0729-16 New York Times Crossword Answers 29 Jul 16, Friday

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CROSSWORD SETTER: John Guzzetta
THEME: None
BILL BUTLER’S COMPLETION TIME: 20m 36s
ANSWERS I MISSED: 0

Today’s Wiki-est, Amazonian Googlies
Across

5. Order to go away : SCAT
Our word “scat”, meaning “get lost!” comes from a 19th-century expression “quicker than s’cat”, which meant “in a great hurry”. The original phrase probably came from the words “hiss” and “cat”.

14. Letters on a crucifix : INRI
The letters written on the cross on which Jesus died were “INRI”. INRI is an initialism for the Latin “Iesus Nazarenus, Rex Iudaeorum”, which translates into English as “Jesus the Nazarene, King of the Jews”.

15. Rabbit’s friend : POOH
In A. A. Milne’s “Winnie-the-Pooh” collection of stories, Pooh has many friend in Hundred Acre Wood. Besides Christopher Robin, who doesn’t actually live in the wood, the list includes Piglet, Eeyore, Kanga, Roo, Rabbit, Tigger and Owl.

16. Grit : MOXIE
Back as far as 1876, Moxie was a brand name of a “medicine” peddled with the claim that it “built up your nerve”. In 1924, Moxie was registered as a trademark for a bitter, non-alcoholic beverage (no more claims of nerve-building). And we’ve used the term “moxie” to mean “nerve” ever since …

20. 2001 fantasy/adventure film with three sequels : SPY KIDS
“Spy Kids” is a 2001 starring Alexa Vega and Daryl Sabara as the children of two rival spies. By the time the film is over, the kids have proven themselves as spies in their own right.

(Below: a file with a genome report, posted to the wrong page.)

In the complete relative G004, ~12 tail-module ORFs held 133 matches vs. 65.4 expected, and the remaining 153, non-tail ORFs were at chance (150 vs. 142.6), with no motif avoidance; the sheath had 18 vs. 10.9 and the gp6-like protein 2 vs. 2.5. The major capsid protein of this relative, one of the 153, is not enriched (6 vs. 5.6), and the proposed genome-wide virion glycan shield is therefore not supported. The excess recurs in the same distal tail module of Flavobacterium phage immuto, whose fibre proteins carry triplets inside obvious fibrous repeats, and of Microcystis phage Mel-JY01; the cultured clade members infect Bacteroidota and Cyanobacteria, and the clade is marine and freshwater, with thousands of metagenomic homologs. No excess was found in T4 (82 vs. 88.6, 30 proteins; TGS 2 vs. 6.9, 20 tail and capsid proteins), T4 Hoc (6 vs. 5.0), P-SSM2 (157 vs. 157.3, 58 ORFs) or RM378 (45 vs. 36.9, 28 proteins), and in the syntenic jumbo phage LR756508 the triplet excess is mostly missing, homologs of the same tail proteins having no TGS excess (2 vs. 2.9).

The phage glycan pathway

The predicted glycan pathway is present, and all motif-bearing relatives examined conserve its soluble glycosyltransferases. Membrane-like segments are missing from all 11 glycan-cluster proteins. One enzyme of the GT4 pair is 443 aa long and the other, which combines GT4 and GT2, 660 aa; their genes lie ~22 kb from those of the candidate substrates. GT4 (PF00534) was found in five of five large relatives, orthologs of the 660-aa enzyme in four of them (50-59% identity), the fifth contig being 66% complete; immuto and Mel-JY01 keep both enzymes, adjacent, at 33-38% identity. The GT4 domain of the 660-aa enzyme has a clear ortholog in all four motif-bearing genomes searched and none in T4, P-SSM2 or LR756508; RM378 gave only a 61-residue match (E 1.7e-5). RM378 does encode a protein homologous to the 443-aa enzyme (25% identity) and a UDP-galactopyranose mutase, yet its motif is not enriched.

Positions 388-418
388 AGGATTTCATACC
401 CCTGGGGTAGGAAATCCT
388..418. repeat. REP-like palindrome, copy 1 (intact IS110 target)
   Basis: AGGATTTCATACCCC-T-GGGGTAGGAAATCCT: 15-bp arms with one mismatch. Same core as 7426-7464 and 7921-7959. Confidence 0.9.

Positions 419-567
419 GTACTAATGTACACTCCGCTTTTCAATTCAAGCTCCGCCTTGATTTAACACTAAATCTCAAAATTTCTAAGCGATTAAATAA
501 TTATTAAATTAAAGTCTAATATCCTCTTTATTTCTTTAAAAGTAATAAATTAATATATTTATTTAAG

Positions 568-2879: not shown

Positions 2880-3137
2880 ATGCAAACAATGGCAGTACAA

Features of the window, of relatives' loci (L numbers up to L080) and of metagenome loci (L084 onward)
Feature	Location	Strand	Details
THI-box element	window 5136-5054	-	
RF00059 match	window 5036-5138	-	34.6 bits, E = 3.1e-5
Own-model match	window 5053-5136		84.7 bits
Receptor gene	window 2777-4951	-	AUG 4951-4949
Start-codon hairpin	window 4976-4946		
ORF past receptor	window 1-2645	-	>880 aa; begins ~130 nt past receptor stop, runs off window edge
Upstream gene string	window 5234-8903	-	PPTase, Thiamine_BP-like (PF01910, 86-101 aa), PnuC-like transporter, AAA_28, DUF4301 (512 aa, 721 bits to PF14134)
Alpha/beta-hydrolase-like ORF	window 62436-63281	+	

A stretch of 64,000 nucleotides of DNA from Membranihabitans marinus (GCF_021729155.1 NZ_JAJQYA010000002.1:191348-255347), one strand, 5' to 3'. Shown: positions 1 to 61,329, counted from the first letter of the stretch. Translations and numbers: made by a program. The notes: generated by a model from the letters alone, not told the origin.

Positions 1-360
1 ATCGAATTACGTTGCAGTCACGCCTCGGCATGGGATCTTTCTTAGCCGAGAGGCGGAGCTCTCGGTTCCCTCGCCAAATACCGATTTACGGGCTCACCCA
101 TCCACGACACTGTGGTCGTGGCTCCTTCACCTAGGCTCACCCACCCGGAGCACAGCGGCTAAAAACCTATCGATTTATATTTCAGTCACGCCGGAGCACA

21. Many an étagère display : BAUBLES
An “étagère” is a piece of furniture with open shelves, often used to display small ornaments. The name is French, coming from “étage” meaning “shelf”. I can’t stand them …

23. Lab housing the world’s largest machine : CERN
CERN is an acronym standing for “Conseil Européen pour la Recherche Nucléaire” (European Council for Nuclear Research. CERN’s mission is to provide the largest particle physics lab in the world, and it does just that, having built several enormous particle accelerators. The CERN particle accelerator most in the news these days is the Large Hadron Collider located near Geneva.

The Large Hadron Collider is the world’s largest particle accelerator. It is located on the French-Swiss border near Geneva, in a tunnel that is a whopping 17 miles in circumference.

24. Luca who “sleeps with the fishes” : BRASI
Luca Brasi is one of Don Corleone’s most loyal “enforcers” in Mario Puzo’s novel “The Godfather”. Brasi comes to a violent end, garroted while his hand is pinned to a wooden bar with a knife. Famously, the Corleone family learn of his demise when they receive Brasi’s bulletproof vest wrapped around dead fish. The message is that he “sleeps with the fishes”. In the big screen adaptation of “The Godfather”, Luca Brasi is played by ex-wrestler and professional bodyguard Lenny Montana. The role launched a very successful television character-acting career for Montana.

33. “Frozen” princess : ANNA
“Frozen” is a 2013 animated feature from Walt Disney Studios that is based on the Hans Christian Andersen fairy tale “The Snow Queen”.